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Editorial credit: Sheila Fitzgerald /

Editorial credit: Sheila Fitzgerald /

Containership Loses Propulsion Due to Cracked Propeller Blade

Mike Schuler
Total Views: 7481
May 21, 2024

A crack in a propeller blade of a Matson containership led to a loss of hyrdraulic oil and propulsion while transiting the Pacific Ocean, the National Transportation Safety Board (NTSB) said Tuesday.

The incident, which occurred on August 11, 2022, resulted in a loss of up to 1,632 gallons of hydraulic oil and an estimated $3 million in damage.

The probable cause has been traced back to a cracked blade on the vessel’s controllable pitch propeller (CPP) system, which investigators discovered did not meet manufacturer design specifications.

The U.S.-flagged Maunalei, a 681-foot-long containership, is owned and operated by Matson Navigation Company, Inc., a subsidiary of Matson, Inc. The vessel was en route from Anchorage, Alaska, to Portland, Oregon, for drydock repairs when the crew intentionally shut down the main engine due to problems with the propeller system. This resulted in a loss of propulsion approximately 245 miles from the entrance to the Columbia River near Portland.

The 5-bladed controllable pitch propeller on the Maunalei showing a fracture (inset) at the base of the no. 4 blade. (Source: U.S. Coast Guard)
The 5-bladed controllable pitch propeller on the Maunalei showing a fracture (inset) at the base of the no. 4 blade. (Source: U.S. Coast Guard)

Upon drydocking, a third-party company found cracks and fractures at the base of the no. 4 blade of the 5-bladed propeller, where the blade was bolted to the propeller’s hub. The cracks, which began at the blade’s bolt hole counterbore radius, were consistent with progressive cracking due to high-cycle fatigue. The company also found that the no. 4 blade did not meet manufacturer design specifications for engineering, material, and chemical composition. The bolt hole counterbore radius was 0.2 millimeters smaller than the required 0.8 millimeters, and the materials did not meet specifications for impact toughness, tensile and yield strength, or percent elongation. Additionally, the silicon content exceeded the specified minimum.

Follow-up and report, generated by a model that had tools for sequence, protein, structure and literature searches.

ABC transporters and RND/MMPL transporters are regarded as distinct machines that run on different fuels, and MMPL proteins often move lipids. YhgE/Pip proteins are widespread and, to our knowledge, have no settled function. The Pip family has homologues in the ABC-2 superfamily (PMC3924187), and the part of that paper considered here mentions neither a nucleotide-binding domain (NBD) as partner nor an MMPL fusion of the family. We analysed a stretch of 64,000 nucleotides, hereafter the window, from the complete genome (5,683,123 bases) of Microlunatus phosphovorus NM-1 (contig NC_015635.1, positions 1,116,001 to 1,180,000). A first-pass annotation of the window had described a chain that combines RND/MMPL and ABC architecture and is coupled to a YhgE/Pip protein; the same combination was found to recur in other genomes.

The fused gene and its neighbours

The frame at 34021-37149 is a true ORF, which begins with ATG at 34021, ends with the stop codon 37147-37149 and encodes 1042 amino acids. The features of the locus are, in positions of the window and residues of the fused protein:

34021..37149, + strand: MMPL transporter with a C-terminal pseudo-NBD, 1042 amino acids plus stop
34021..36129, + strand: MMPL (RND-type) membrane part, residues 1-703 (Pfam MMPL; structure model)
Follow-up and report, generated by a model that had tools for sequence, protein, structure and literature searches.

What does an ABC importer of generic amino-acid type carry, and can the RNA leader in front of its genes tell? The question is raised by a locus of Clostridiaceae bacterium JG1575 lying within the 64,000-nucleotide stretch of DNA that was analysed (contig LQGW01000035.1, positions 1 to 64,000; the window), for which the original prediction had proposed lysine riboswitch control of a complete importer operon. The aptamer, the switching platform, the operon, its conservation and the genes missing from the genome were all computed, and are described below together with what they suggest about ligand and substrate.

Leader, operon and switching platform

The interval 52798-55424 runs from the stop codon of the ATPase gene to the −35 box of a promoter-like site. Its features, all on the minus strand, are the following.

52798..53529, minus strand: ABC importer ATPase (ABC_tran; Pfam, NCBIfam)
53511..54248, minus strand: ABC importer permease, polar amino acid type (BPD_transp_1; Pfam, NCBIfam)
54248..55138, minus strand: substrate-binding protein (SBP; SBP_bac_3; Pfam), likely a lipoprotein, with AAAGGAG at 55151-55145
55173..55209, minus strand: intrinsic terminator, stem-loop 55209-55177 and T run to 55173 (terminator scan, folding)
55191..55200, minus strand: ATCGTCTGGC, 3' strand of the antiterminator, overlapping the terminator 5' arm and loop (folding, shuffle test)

The NTSB investigators concluded that the crack and fracture on the no. 4 blade were likely isolated occurrences, as the blade did not meet specifications, and a manufacturer’s analysis of other five-bladed controllable pitch propeller systems on similar vessels did not identify any other instances of cracks.

In response to the incident, the blade manufacturer has revised the internal radius requirement, enlarging it for all seven-bolt hole counterbores, in a bid to improve fatigue fracture resistance.

Read the NTSB report here.

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